(Last Updated on November 19, 2020 by GERALD NCUBE)
ZIMBABWE – About 6 000 new HIV infections in children under the age of 14 have been recorded in Zimbabwe in 2019, with 29 percent of the minors unable to access anti-retroviral treatment.
The national Co-ordinator for the Prevention of Mother-to-Child Transmission in the Ministry of Health and Child Care, Dr Angela Mushavi, said the country recorded 5 919 new HIV infections amongst the under-14 age group last year.
Speaking at a National Aids Council (NAC) media workshop in Macheke Wednesday, Dr Mushavi said the new infections were caused by mothers who are not getting anti-retroviral treatment as well as mothers who book late for antenatal care.
“The huge number of cases is being caused by a number of factors such as mothers who at the early stage of pregnancy test negative but with time during pregnancy or breastfeeding test positive and are not aware,” she said.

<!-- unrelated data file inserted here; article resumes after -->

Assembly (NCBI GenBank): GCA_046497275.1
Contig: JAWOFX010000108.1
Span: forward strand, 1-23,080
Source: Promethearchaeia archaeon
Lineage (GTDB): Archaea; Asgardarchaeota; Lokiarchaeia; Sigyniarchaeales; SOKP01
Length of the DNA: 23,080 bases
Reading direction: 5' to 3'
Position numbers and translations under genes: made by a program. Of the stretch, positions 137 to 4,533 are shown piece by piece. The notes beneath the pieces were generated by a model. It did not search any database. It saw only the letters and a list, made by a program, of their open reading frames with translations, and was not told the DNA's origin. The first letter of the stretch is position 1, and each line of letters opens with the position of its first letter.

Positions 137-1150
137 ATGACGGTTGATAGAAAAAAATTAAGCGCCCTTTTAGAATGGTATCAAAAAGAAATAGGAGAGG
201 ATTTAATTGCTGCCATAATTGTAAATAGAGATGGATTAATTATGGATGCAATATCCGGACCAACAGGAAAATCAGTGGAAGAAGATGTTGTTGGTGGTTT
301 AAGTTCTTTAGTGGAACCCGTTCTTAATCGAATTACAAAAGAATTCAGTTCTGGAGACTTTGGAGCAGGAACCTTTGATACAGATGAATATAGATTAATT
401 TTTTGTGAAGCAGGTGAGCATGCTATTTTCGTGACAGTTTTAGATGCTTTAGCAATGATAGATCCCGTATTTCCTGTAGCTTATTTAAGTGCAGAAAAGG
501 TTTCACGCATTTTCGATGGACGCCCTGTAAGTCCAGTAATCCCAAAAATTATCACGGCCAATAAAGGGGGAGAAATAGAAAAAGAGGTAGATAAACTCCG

“There are also mothers who book for antenatal care at the late stages of the pregnancy and those that do not take anti-retroviral medication contribute to this number.”
Explaining the high number of children who are not on ARVs, Dr Mushavi said: “One of the reasons is that formulation of children’s medication is not readily available compared to adults’ medication. This has led to low confidence by health workers and parents on the dosage they should give to their children”.